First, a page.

The J. Paul Getty Museum, Los Angeles, Ms. 101, fol. 82v
Saturdays in Lent have a quality all their own: slightly bleak, especially if the weather is bad, and somehow not particularly memorable. A lot of life is like that, if we’re honest, but I find St Benedict’s call to live lives of ‘surpassing purity during this holy season’ and his emphasis on joy quite striking (RB 49). Like most nuns, I love the stripping away to essentials of both liturgy and daily life at this time. The chant is unaccompanied, the food very plain (we fast every day except Sunday), and we try, within the limits of our budget and personal talents, to give more to others than we are able to do at other times of year. It reminds me that most of our monastic life is hidden and both much more ordinary than many people assume and perhaps a little more extraordinary at the same time. It has something of the transforming quality of Holy Saturday/Easter Night about it. My favourite quotation from the Desert Fathers captures the essence of this transformation: ‘the monastic cell is like Easter Night, it sees Christ rising.’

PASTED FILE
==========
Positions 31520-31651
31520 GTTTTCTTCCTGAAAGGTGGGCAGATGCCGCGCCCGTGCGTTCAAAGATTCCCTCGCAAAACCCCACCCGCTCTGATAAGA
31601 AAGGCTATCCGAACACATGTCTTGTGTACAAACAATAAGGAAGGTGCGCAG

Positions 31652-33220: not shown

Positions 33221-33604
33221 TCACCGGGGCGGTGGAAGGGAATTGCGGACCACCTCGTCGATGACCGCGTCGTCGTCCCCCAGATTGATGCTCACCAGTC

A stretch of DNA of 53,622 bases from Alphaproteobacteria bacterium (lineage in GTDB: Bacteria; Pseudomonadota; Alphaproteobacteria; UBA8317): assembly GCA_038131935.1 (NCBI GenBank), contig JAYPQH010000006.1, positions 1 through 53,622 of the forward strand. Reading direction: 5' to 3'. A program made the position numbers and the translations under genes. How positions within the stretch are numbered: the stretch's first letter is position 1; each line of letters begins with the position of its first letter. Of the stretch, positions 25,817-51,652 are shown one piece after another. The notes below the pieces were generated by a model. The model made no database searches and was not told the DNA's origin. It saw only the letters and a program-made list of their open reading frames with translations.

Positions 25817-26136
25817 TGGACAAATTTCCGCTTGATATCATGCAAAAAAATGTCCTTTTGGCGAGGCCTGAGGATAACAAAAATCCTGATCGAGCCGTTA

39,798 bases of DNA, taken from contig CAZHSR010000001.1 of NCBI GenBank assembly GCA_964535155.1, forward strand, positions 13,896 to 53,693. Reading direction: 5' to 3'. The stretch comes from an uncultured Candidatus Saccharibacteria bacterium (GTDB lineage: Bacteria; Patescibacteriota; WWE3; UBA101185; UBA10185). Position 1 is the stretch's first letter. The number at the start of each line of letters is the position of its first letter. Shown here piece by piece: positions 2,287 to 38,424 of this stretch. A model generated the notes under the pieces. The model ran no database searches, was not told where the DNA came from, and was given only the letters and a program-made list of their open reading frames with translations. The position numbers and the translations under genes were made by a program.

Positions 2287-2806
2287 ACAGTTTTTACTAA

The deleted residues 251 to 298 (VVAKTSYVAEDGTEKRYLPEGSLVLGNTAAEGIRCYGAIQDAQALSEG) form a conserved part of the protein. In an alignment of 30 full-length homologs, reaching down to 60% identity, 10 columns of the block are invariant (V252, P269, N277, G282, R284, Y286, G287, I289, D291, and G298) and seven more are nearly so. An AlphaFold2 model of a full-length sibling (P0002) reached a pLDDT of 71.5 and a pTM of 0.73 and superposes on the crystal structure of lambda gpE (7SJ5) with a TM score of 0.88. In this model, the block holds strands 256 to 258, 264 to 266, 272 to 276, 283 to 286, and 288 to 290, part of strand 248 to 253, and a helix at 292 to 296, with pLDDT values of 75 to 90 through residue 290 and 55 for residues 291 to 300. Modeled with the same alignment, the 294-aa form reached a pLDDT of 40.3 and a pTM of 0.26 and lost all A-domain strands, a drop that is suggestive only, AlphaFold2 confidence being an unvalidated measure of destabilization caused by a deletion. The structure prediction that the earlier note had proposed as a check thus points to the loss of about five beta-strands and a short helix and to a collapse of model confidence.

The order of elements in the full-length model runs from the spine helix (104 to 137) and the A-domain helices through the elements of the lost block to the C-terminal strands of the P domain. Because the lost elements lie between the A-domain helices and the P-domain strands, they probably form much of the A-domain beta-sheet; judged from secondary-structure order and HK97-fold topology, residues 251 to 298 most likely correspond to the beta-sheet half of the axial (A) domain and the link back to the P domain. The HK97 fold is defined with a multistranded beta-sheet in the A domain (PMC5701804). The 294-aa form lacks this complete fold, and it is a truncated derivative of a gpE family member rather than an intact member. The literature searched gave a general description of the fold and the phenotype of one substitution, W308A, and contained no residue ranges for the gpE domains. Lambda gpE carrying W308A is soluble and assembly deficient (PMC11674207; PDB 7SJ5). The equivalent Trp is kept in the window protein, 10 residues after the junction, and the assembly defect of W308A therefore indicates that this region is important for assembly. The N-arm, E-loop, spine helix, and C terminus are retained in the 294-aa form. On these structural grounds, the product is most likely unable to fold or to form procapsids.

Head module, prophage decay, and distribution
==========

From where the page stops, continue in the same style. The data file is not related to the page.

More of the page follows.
That is our prayer for ourselves and for all who read this blog at any time of year.
An early Christian writer once described Holy Saturday as being a day of great quietness and stillness as earth awaits the Resurrection. It is a day out of time — no sacraments to affirm the bonds between this world and the next, no warmth or colour to assuage the interior desolation, no activity to distract us or give us a false sense of security. We are simply waiting, all emotion spent.
Most of us live our lives in perpetual Holy Saturday mode, our faith a bit wobbly, our hope a bit frail, but clinging to the Cross and Resurrection with an obstinacy wiser than we know. And just as when Jesus was laid in the tomb he entered into a world outside time and an activity beyond our apprehension — the harrowing of hell — so we too, with our Holy Saturday faith, enter into a dimension of reality we cannot truly comprehend, a kind of little death that prepares us for the death we shall all one day undergo. In this state we can do nothing; God must do everything.